Court of Appeals of Texas, Fourth District, San Antonio
IN RE E.F.Z. and L.G.Z., Children
the 45th Judicial District Court, Bexar County, Texas Trial
Court No. 2017-PA-01600 Honorable Richard Garcia, Judge
Sitting: Rebeca C. Martinez, Justice, Patricia O. Alvarez,
Justice Beth Watkins, Justice
appeals the trial court's order terminating her parental
rights to E.F.Z. and L.G.Z. On appeal, H.H. challenges the
sufficiency of the evidence to support the trial court's
findings on the predicate statutory grounds for termination
and that termination is in the children's best interest.
We affirm the trial court's order.
20, 2017, the Texas Department of Family and Protective
Services filed a petition to terminate H.H.'s parental
rights to E.F.Z. and L.G.Z. On January 9, 2019, and February
5, 2019, a bench trial was held. At the time of the trial,
E.F.Z. was seven, and L.G.Z. was six.
conclusion of the bench trial, the trial court terminated
H.H.'s parental rights on five grounds. H.H. timely filed
of Review and Statutory Requirements
terminate parental rights pursuant to section 161.001 of the
Texas Family Code, the Department has the burden to prove by
clear and convincing evidence: (1) one of the predicate
grounds in subsection 161.001(b)(1); and (2) that termination
is in the best interest of the child. See Tex. Fam.
Code Ann. §§ 161.001, 161.206(a); In re
A.V., 113 S.W.3d 355, 362 (Tex. 2003). In this case, the
trial court found clear and convincing evidence of the
following five predicate grounds under subsection
161.001(b)(1) to terminate H.H.'s parental rights: (1)
voluntarily left the children alone in the possession of
another without providing adequate support of the children
and remained away for a period of at least six months; (2)
knowingly placed or knowingly allowed the children to remain
in conditions or surroundings which endangered the physical
or emotional well-being of the children; (3) engaged in
conduct or knowingly placed the children with persons who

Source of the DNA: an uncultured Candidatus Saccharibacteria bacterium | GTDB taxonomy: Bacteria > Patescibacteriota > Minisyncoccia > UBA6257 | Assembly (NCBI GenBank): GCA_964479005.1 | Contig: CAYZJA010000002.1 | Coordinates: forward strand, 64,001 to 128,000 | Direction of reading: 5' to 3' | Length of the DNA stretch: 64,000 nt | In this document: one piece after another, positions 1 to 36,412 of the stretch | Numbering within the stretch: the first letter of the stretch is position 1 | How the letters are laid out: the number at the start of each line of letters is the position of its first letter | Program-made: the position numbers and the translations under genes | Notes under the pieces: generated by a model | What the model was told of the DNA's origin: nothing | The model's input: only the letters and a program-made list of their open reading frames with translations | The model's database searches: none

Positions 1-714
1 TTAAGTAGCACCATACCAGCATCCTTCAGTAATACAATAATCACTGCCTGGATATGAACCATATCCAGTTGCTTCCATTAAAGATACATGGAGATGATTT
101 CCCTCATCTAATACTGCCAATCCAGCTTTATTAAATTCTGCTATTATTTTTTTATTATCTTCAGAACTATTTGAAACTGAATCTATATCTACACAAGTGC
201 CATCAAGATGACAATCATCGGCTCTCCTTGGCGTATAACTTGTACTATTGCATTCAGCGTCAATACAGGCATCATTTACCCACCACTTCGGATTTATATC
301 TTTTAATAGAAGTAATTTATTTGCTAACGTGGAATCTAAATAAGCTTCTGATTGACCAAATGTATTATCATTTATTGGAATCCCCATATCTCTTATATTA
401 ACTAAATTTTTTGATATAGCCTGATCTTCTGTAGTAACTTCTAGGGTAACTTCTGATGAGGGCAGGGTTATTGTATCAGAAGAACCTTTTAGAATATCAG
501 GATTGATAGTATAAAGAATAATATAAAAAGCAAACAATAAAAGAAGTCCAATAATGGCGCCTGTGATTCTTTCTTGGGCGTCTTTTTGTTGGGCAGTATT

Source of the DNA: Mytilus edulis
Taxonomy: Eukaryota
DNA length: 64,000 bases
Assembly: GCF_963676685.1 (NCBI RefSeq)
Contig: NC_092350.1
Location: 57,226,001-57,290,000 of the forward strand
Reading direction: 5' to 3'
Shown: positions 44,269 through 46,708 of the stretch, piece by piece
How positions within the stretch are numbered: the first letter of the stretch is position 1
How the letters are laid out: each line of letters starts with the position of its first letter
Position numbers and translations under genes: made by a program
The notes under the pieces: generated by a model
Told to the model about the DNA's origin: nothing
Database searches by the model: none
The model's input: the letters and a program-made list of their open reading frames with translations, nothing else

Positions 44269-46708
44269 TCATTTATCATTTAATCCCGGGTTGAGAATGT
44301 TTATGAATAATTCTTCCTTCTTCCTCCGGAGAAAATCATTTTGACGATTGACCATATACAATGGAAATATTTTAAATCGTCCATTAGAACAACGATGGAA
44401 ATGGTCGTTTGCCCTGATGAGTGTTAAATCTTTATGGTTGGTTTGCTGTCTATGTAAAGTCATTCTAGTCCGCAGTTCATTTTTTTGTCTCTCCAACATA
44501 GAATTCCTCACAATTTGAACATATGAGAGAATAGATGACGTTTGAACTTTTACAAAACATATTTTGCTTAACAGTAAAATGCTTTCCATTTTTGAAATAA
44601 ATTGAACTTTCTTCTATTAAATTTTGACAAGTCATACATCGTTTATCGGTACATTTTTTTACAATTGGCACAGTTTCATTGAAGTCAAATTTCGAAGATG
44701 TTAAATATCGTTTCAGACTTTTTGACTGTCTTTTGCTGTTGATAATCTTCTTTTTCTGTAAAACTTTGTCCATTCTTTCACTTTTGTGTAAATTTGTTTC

engaged in conduct which endangered the children's
physical or emotional well-being; (4) failed to support the
children in accordance with H.H.'s ability during the
period of one year ending within six months of the date of
the filing of the petition; and (5) failed to comply with a
court-ordered service plan. See Tex. Fam. Code Ann.
§§ 161.001(b)(1)(C), (D), (E, ) (F), (O). The trial
court also found clear and convincing evidence that
terminating H.H.'s parental rights was in the
children's best interest.
evaluate the legal and factual sufficiency of the evidence to
support the trial court's findings under the standards of
review established by the Texas Supreme Court in In re
J.F.C., 96 S.W.3d 256, 266-67 (Tex. 2002). Under these
standards, "[t]he trial court is the sole judge of the
weight and credibility of the evidence, including the
testimony of the Department's witnesses."
In re F.M., No. 04-16-00516-CV, 2017 WL
393610, at *4 (Tex. App.-San Antonio Jan. 30, 2017, no pet.)
termination under section 161.001(b)(1)(D) or (E) may have
implications for a parent's parental rights to other
children, appellate courts are mandated to address issues
raised on appeal challenging a trial court's findings
under those subsections. In re N.G., No. 18-0508,
2019 WL 2147263, at *4 (Tex. May 17, 2019). "[T]he
evidence concerning [those] two statutory grounds for
termination is interrelated." In re J.T.G., 121
S.W.3d 117, 126 (Tex. App.-Fort Worth 2003, no pet.).
Accordingly, we can consolidate our analysis of both grounds.
161.001(b)(1)(D) allows a trial court to terminate parental
rights if it finds by clear and convincing evidence that the
parent has "knowingly placed or knowingly allowed the
child to remain in conditions or surroundings which endanger
the physical or emotional well-being of the child." Tex.
Fam. Code Ann. § 161.001(b)(1)(D). Under subsection D,
the trial court examines "evidence related to the
environment of the children to determine if the environment
was the source of endangerment to the children's physical
or emotional well-being," although parental conduct can
be a factor that contributes to this environment. In re
J.T.G., 121 S.W.3d at 125. "'Environment'
refers to the acceptability of living conditions, as well as
a parent's conduct in the home." In re
S.R., 452 S.W.3d 351, 360 (Tex. App.-Houston [14th
Dist.] 2014, pet. denied). "A child is endangered when
the environment creates a potential for danger that the
parent is aware of but consciously disregards."
Id. "[A] parent need not know for certain that
the child is in an endangering environment; awareness of such
a potential is sufficient." In re R.S.-T., 522
S.W.3d 92, 109 (Tex. App.-San Antonio 2017, no pet.)
(internal quotation omitted). Subsection D permits
termination based upon only a single act or omission.
161.001(b)(1)(E) allows a trial court to terminate a
parent's rights if the court finds by clear and
convincing evidence that the parent "engaged in conduct
or knowingly placed the child with persons who engaged in
conduct which endangers the physical or emotional well-being
of the child." Tex. Fam. Code Ann. §
161.001(b)(1)(E). Under subsection E, the trial court is
asked to determine whether there is evidence that a
parent's acts, omissions, or failures to act endangered
the child's physical or emotional well-being. See In
re J.T.G., 121 S.W.3d at 125. Under subsection E, our
analysis may not rest on a single act or omission; it ...